Right Knee Transition for Good Impact - Golf Instruction | Swing Surgeon - Don Trahan Peak Performance Golf Swing

Right Knee Transition for Good Impact - Golf Instruction

Sat, 11/21/2015 - 14:00 -- Don Trahan

Using your knees in the transition is critical for having a good impact position. Move them too much or too little and you'll never find the consistency you need to shoot lower scores.

The Peak Performance Golf Swing setup uses wide knees outward pressure, but I often see golfers in that same position at the impact position. Once you bump and start the transition, your back knee has to move as well. This will allow you to fire through the ball and up to the T-finish.

Check out the video above to see how the knees should move from start to finish.

Keep it vertical!

The Surge

Comments

Dave Everitt's picture

Submitted by Dave Everitt on

Today's video tied in very well with something that I've been doing for a couple of years now to start the forward upswing. As Surge explains very well in this video moving the right knee too soon can cause a lot of problems. Something that helps me keep the right knee quiet at the start of the downswing is to make sure that the left knee always moves laterally before the right. This sequence is guaranteed, if I trigger the downswing by (A) a small shift of the left knee toward the target and pressure applied to the left foot, followed by (B) a rolling of the right ankle and knee. This (A) followed by (B) or (A,B) sequence now seems totally natural. I just have to think (A,B) while starting the downswing and the legs do their thing. This swing thought takes care of the bump, keeps my legs from getting lazy and results in a swing with a nice balanced balanced finish, with most of the weight on the left foot. No more reverse pivots!

NeilofOZ's picture

Submitted by NeilofOZ on

Dave, Just checked my knee in one of my videos and it looks pretty good as per Surge's comments. One thing I did notice in the above video is that Surge's right knee starts moving inwards a little ealier that what he thinks and I think I know why he feels it in this way. When you setup with wide knees you are actually forcing them outwards a little, then as you start the downswing the right knee automatically comes back to a normal position before actually moving forward, so in a technical sense his comment is correct and believe surgites should understand this and not get too carried away with delaying any knee movement until the club is alongside his thigh as he described, what do you think.

Dave Everitt's picture

Submitted by Dave Everitt on

Yes Neil, thinking about where the club was before moving the right knee would be a very hard thing to time.

Surge has talked before about the lower body shifting weight towards the target before the upper body completes the downswing. You might be seeing his right knee start to move before the backswing is complete.

I try to make the bump left side dominated but am always aware of the right knee being pulled a bit to the left at the start of the downswing. Trying to keep the right knee encased in concrete too long would take all of the fluidity out of the swing. Any movement of my right knee is passive, until after I feel a pressure shift toward the left foot with the (A) move. After that my right knee action (B) becomes very active and supportive of the arm swing.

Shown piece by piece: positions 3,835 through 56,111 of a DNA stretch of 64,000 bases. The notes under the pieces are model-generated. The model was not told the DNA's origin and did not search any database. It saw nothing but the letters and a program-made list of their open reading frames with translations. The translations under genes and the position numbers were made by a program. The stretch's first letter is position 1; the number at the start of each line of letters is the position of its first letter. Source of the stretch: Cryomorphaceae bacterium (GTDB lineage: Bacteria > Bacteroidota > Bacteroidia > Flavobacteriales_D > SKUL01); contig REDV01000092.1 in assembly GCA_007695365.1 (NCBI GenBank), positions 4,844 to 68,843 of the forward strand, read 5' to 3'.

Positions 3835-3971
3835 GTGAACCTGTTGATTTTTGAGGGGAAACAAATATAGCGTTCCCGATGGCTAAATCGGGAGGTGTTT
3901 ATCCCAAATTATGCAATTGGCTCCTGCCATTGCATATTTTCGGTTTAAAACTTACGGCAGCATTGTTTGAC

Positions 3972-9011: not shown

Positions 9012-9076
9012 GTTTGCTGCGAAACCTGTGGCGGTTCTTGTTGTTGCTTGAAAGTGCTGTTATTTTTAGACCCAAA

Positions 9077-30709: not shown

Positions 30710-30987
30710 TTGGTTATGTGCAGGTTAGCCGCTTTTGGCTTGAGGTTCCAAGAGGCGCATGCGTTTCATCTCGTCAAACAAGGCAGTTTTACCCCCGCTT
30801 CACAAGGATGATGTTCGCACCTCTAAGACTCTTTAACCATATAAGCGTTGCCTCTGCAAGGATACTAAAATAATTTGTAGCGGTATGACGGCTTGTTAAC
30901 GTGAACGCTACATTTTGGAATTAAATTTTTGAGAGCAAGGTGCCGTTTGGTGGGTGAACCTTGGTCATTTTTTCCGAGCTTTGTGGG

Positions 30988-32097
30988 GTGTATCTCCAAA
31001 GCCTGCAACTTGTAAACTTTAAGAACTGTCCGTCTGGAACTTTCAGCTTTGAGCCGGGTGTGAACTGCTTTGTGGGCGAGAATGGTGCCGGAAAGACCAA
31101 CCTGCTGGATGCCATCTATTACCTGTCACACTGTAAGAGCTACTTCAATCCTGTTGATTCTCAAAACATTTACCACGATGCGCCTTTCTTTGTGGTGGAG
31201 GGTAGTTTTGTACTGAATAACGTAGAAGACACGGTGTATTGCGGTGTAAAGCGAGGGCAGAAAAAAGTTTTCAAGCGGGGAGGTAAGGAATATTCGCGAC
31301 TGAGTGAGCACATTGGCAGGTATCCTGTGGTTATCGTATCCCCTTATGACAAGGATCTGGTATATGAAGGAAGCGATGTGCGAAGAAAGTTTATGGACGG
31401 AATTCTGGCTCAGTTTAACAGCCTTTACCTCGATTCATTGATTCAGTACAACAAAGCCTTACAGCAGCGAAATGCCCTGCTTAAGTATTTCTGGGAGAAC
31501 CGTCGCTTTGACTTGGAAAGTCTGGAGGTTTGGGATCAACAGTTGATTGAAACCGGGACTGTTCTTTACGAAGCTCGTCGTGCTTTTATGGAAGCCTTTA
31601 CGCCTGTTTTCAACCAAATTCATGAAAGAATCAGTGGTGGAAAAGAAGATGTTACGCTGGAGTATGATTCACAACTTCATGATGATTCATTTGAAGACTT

robb60's picture

Submitted by robb60 on

I think both items help me return the club back to where I addressed it for a center of clubface hit. Presure on the knees and bumping foward naturally with the right knee. Don has thrown many swing thoughts our way, but my favorite one( by far) is the 'skip the rock on a lake' tip. If I just act like I'm doing this motion without a club in my hands, I'm braced on my right leg at first. Then my right knee just follows my right elbow down the line. I can't help but end up with my right toe in the ground and my right heel up. I think the 'skip' the rock' thought just gives my body the rythm first and then the timing to hit repeatable solid shots. If I get off on the course (and man can I ), I always tell myself to slow down first. Then go to the knee presure and 'skip the rock'. It usually puts me back in line. What a great feeling it is to be able to fix your swing during your round.

boogmc's picture

Submitted by boogmc on

Hi fellow Surgites, I hope all is well with all of you! I haven't been on site for a good while, life & seeing to Josh's educational needs have kept both the wife & I very busy. I hope of all of you are enjoying the success in your games that you desire.
Over the years, being the fanatic that I am, I have collected a roomful of various golf books, tapes & videos. I still can't help myself & will get one just to see what they have inside.I got that love of reading from my mother,lol. Anyway to make this thing shorter, all of you old timers here now how long in the fingers I can get, we were cleaning out the house the other day & I discovered some old vhs tapes.One in particular caught my attention & I had it converted to dvd. Now not endorsing it or the like, I sure am glad I did.
It was a video made around 1987 or 1988, Phil Ritson's Golf Your Way. There was this one curly-headed Instructor in there worth watching swing.
"Very nice swing, Don, indeed!"
Take care & God Bless....Booger